Legion Episode 7 finally decided to further the show’s main plot, but it did so by falling back on convention and manufacturing cheap drama. While “Chapter 15” had some highlights, that typical late-season slump is starting to cause the FX show some real problems.
My relationship with FX’s Legion continues to be somewhat ridiculous, as does Legion itself, if we’re being honest. After last week’s episode took an abstract detour into the addled consciousness of David Haller, leaving the show’s overarching plot more or less untouched, I found myself enjoying the episode’s audaciousness but still quietly hoping for some much-needed forward momentum. In Legion Episode 7, subtitled Chapter 15, we finally got that forward momentum. And I didn’t like the episode at all.
It’s all getting a bit silly now. I’m profoundly sick of David and the Shadow King having fanciful conversations and lengthy stare-downs on various levels of the astral plane; the fact that Legion ordered an additional 11th episode for its second season really doesn’t bode well with how things are going.
So, while Legion Episode 7, “Chapter 15”, does further the plot between David and his arch nemesis, it also feels like it descends into routine and convention, doing very little of creative, artistic note and notably straining under the effort of Noah Hawley and Nathaniel Halpern, the show’s writers, to say something significant and meaningful. The philosophical undercurrent in “Chapter 15” is that of delusion and paranoia, devoting a lot of time to the psychic parasite that crawled into Ptonomy’s ear a while back, and littering those smoothly-narrated Jon Hamm interludes with examples of outsized moral panic in the face of a perceived threat. Those witch trials will do as a metaphor for anything, won’t they?
The drama in Legion Episode 7 comes from that squirming parasite infecting Syd, Kerry and Clark, thanks to an already-deluded Ptonomy, and using them to attack Division 3 from within. It makes for some slow-motion action sequences and includes the reveal of the real face of Division 3’s basket-headed leader, which landed with a bit of a clunk given it isn’t one we’ve seen before. David, true to form, arrived in the nick of time to yank the delusion from his friends’ brains.
That didn’t turn out too well for Ptonomy. The delusion parasite had infected him for much longer than everyone else, so a giant-sized version emerged from his physical body, making a real mess of things. “Chapter 15” evidently devoted a lot of its budget to the CGI creature, as David chased it around and negotiated it down to a more manageable size, which led to certain areas of Legion Episode 7 looking a bit ropey by comparison. No matter, I suppose. As for Ptonomy, he’s not in the best health, but luckily his consciousness is now hooked up to the Division 3 mainframe, allowing him to communicate through the Vermillions like Admiral Fukiyama.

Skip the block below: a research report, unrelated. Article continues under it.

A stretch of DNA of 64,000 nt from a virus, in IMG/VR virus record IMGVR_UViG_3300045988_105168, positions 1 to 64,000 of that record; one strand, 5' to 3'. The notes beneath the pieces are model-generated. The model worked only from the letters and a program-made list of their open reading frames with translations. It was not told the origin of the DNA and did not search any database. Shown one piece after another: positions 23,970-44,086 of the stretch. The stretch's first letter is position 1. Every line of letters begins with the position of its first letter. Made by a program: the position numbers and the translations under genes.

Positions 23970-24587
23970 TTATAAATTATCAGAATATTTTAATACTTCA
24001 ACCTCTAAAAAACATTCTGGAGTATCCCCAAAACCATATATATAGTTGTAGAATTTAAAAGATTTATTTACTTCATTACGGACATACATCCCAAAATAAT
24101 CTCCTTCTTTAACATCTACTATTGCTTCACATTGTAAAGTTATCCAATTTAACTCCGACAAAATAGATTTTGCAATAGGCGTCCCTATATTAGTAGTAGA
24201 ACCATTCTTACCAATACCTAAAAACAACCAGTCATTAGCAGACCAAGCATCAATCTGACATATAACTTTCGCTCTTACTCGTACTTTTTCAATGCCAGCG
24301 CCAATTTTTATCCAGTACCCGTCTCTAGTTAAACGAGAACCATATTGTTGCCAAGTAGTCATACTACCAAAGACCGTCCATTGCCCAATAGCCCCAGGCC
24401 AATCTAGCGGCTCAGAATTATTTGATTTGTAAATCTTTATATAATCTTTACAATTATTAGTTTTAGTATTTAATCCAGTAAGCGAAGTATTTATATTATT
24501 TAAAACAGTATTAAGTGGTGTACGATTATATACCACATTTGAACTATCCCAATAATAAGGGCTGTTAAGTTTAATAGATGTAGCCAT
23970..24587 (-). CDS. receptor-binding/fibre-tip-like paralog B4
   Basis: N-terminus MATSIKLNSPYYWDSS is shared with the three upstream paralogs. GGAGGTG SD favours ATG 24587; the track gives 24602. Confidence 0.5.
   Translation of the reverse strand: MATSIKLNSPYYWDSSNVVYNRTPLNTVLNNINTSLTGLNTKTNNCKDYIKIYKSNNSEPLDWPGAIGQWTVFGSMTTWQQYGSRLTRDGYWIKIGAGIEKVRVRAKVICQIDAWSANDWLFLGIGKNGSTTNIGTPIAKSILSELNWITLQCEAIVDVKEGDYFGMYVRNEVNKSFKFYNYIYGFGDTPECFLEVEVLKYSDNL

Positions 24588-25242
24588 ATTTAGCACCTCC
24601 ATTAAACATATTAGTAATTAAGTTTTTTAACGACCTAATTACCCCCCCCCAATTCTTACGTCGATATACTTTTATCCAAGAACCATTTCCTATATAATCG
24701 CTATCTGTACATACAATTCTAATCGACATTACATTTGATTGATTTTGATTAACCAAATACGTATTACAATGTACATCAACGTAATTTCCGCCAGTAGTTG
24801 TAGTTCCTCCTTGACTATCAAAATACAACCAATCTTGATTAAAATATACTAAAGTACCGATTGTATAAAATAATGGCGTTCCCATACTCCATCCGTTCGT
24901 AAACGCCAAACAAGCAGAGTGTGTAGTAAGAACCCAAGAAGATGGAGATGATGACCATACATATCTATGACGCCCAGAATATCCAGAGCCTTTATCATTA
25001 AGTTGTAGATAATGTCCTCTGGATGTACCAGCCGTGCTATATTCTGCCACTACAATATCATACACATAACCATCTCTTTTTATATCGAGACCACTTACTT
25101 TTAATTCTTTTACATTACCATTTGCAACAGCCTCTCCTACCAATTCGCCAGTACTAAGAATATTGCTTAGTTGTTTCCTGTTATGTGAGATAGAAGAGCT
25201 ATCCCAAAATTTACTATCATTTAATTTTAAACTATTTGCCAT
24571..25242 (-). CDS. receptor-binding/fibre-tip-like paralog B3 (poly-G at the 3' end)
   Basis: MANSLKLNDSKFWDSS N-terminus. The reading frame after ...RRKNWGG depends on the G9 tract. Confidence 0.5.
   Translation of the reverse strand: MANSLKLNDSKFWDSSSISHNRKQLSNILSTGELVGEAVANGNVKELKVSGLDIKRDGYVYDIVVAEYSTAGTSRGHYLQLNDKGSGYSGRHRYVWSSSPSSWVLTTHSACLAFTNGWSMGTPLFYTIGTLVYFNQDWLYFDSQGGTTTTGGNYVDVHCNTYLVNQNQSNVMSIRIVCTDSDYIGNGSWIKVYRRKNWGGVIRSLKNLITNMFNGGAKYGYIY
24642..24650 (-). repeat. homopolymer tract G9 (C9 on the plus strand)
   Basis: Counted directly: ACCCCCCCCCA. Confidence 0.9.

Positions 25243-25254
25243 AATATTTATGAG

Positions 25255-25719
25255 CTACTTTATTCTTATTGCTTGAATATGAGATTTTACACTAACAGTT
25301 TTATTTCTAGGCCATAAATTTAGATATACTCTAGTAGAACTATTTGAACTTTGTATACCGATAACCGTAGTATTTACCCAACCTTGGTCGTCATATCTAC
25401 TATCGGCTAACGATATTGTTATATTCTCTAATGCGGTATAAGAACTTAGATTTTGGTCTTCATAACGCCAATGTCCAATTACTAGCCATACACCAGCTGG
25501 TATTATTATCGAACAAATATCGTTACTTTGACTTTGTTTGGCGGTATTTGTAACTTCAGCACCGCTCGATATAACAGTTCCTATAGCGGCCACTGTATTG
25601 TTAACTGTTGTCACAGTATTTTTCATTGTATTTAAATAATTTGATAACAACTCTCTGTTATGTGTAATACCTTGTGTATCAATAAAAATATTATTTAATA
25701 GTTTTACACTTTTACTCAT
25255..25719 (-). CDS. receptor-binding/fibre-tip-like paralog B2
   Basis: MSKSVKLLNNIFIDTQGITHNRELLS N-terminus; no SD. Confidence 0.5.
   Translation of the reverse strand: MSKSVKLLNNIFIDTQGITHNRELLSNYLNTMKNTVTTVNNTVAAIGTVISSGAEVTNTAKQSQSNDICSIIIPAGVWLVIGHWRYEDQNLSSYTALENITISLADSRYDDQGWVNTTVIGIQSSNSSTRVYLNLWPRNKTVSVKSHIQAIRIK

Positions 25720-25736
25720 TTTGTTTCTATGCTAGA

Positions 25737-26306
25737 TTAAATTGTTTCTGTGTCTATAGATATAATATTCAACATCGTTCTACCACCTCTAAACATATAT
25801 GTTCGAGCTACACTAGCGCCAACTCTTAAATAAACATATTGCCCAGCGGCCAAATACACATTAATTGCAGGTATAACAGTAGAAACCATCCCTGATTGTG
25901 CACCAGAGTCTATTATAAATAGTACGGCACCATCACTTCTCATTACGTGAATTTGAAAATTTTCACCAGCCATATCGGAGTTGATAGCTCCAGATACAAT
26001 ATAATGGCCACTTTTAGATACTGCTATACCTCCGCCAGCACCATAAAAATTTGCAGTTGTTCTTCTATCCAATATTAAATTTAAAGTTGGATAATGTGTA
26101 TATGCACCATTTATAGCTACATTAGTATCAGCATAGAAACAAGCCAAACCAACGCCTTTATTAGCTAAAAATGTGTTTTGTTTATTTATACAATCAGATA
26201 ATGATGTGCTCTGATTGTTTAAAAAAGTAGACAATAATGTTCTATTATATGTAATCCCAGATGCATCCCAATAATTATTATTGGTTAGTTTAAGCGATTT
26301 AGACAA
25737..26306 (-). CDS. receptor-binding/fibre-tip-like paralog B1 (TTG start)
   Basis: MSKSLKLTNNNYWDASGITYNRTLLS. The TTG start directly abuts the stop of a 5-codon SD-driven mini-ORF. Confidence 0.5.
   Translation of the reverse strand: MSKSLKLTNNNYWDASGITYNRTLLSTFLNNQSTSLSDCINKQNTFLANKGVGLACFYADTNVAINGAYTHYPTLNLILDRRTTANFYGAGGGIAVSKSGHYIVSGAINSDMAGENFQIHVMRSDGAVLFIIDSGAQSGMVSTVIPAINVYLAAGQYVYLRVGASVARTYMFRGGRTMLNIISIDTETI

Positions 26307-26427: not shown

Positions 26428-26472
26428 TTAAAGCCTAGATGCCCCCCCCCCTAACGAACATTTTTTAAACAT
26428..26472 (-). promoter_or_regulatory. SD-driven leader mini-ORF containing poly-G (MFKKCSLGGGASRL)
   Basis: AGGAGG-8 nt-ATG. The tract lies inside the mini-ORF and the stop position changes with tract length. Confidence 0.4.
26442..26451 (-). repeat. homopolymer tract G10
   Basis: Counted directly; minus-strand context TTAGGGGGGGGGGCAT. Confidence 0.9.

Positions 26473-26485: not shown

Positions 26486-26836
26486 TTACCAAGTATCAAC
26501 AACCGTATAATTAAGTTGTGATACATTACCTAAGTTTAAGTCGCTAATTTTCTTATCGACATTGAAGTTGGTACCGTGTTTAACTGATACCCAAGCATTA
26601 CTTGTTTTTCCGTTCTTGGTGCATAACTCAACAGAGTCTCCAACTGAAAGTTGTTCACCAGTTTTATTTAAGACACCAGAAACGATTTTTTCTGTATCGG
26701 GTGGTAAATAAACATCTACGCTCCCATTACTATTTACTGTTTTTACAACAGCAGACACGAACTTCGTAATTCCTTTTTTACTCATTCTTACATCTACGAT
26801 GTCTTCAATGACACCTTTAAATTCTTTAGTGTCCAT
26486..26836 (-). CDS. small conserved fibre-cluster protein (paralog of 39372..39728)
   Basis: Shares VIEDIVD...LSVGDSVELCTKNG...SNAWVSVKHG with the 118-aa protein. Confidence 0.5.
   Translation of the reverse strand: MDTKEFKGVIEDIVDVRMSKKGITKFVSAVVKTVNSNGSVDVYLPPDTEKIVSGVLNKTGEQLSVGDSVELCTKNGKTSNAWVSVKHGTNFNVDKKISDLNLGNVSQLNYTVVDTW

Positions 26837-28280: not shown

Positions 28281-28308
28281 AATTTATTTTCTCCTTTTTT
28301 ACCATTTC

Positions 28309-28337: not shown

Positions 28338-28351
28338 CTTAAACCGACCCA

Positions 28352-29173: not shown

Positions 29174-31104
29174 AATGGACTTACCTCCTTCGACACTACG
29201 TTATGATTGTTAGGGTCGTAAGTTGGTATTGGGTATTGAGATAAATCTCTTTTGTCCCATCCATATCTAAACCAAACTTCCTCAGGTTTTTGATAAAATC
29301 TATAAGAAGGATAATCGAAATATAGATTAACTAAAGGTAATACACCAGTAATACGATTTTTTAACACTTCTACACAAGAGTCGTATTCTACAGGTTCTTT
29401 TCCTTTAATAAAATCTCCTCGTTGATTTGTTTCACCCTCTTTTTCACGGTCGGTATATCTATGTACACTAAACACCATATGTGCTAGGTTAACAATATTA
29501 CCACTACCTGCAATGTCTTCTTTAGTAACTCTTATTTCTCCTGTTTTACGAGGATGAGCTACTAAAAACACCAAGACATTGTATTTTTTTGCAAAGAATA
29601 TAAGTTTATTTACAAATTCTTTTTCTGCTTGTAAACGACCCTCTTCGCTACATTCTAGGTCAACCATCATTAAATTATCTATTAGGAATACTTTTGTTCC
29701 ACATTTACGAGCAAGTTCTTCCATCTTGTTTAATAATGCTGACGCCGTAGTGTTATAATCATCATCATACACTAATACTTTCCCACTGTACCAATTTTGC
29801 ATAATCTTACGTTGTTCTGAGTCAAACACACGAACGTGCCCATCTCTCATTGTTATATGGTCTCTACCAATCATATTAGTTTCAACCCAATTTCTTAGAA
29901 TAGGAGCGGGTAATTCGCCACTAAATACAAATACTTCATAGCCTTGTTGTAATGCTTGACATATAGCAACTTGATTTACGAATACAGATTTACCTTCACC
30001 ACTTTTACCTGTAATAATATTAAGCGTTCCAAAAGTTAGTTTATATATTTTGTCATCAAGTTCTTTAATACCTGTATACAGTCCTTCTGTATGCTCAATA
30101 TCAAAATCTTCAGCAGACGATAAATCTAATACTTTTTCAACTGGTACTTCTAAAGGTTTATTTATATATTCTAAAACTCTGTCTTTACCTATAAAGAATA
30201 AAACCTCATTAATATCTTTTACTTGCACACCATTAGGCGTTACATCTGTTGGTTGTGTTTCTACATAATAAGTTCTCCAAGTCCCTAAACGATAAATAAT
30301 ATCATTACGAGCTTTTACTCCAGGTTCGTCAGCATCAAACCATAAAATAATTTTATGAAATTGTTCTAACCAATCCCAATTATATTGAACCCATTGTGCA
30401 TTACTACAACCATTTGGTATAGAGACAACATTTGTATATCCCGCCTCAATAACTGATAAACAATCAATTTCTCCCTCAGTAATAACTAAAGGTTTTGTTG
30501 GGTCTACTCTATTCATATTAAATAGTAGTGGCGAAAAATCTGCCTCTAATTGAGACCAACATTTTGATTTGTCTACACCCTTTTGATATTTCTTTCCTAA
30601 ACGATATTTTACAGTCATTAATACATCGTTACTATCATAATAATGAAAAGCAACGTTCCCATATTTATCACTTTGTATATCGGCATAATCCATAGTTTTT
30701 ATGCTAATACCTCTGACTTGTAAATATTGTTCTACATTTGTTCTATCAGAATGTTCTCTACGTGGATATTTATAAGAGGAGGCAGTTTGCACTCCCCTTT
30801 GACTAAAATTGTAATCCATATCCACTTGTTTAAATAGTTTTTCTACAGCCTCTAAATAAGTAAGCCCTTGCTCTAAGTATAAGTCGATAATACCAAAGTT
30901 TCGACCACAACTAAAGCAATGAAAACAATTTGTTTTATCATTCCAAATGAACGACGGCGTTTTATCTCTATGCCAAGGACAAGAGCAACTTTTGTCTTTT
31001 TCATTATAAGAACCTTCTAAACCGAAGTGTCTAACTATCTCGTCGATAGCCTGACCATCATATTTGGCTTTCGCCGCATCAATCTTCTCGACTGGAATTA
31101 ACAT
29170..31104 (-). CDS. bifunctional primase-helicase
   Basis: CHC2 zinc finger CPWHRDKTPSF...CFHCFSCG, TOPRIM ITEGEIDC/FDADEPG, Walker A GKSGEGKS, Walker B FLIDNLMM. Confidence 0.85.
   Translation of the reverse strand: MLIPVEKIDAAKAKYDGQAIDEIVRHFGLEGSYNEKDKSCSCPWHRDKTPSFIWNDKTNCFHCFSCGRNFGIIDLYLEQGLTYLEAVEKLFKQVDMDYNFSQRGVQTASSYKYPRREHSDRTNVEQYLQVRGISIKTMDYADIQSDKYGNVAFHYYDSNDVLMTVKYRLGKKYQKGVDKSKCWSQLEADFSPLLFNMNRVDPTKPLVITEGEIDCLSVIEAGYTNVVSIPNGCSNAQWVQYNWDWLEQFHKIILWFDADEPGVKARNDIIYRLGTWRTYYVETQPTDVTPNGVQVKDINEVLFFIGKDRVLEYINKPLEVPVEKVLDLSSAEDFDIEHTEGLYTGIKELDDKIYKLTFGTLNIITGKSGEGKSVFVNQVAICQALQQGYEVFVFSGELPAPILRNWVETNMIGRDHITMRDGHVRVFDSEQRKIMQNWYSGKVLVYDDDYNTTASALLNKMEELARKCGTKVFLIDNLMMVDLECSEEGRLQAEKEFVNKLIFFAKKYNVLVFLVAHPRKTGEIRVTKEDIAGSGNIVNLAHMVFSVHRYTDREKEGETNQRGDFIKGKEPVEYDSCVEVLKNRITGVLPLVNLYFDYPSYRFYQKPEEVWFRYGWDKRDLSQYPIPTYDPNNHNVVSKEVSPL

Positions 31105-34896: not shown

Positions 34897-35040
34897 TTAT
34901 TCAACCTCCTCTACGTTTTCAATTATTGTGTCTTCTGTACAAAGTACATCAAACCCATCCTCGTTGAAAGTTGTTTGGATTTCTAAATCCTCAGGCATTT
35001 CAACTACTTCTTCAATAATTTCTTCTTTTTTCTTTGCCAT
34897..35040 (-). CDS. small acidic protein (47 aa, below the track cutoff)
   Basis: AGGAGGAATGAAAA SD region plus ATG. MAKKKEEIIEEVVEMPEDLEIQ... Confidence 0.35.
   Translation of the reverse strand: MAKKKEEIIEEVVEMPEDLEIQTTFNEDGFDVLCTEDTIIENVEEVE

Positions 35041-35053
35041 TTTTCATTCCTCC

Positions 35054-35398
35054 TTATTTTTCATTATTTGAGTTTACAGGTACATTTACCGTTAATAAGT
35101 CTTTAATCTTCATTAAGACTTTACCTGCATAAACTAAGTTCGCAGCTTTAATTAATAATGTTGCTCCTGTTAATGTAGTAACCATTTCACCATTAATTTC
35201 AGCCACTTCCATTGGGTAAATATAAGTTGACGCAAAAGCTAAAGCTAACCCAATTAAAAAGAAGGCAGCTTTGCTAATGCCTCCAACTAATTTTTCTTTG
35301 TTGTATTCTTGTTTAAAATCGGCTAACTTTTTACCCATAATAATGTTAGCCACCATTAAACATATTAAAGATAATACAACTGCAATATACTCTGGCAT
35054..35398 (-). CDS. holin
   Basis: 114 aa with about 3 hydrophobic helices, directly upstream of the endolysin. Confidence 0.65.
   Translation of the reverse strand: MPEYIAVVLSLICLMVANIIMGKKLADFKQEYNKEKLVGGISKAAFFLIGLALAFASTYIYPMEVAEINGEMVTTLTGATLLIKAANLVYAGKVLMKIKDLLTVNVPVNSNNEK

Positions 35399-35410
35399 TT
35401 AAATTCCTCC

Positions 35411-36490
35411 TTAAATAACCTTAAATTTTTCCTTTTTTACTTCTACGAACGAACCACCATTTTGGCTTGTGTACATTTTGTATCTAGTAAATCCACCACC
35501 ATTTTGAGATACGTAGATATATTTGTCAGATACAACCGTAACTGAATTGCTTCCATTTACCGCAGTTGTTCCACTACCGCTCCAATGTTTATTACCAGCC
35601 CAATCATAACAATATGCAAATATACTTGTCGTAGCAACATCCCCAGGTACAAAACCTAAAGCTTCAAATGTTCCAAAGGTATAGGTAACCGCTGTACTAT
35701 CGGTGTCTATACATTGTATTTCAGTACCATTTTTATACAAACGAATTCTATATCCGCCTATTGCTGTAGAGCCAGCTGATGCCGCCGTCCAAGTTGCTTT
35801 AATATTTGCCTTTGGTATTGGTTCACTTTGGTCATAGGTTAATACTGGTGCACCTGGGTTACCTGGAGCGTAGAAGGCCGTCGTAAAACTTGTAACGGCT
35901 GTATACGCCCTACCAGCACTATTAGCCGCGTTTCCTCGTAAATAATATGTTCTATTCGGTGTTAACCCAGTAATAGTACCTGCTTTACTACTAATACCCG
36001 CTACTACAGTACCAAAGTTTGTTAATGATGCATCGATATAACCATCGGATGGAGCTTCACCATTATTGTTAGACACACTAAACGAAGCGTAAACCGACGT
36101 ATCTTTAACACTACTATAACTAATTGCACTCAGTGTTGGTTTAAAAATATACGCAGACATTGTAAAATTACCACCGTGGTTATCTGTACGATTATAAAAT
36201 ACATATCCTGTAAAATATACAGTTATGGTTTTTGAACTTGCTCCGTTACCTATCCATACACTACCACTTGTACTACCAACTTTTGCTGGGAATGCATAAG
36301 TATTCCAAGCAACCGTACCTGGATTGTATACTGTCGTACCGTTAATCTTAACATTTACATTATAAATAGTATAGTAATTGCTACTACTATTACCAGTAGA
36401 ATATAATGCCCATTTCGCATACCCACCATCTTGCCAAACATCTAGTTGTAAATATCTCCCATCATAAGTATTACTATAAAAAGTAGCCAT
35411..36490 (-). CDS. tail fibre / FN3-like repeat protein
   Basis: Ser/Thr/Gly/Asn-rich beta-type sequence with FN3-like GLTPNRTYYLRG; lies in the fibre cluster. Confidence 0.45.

Meanwhile, Farouk somehow projects his consciousness through time to have a chat with Future Syd, a conversation naturally loaded with dreary political subtext that casts David as the blue-eyed white devil who stole the Shadow King’s homeland. “Chapter 15” gets Future Syd on-side with Farouk, both of them considering David to be the harbinger of the apocalypse, and they inexplicably start working together to hamper David’s present-day progress. This includes some kind of weird love triangle involving David and both versions of Syd, which as someone who has been in a lot of nonsensical relationships I could kind of get behind if it didn’t feel like such a significant betrayal of established characterisation for pretty much everyone involved.
I’ve spent so much time complaining that this show hasn’t been going anywhere that I never really stopped to consider how it might actually get to its destination when it eventually decided to get moving. According to Legion Episode 7, it is going to burn contrivance and cheaply manufactured character drama for fuel. Syd whining in the immediate aftermath of David’s sister being killed and used as a vessel for an ancient incorporeal brain-God just strikes me as utterly ridiculous – especially given that she’s literally whining about herself.
I wouldn’t mind quite so much if, when Legion slowed down, it actually bothered to explore characters beyond those of David and the Shadow King. But “Chapter 15” expected us to buy into the horrific physical fate of Ptonomy, who is a character I couldn’t really tell you anything about. The show has spent an inordinate amount of time developing this wacky, surreal world full of outlandish characters and concepts, but thus far, it hasn’t given us a reason to care about any of it. And with an additional episode ordered, and thus an additional hour within which to tread the same murky water, that trademark second-half slump of superhero seasons is very much starting to set in.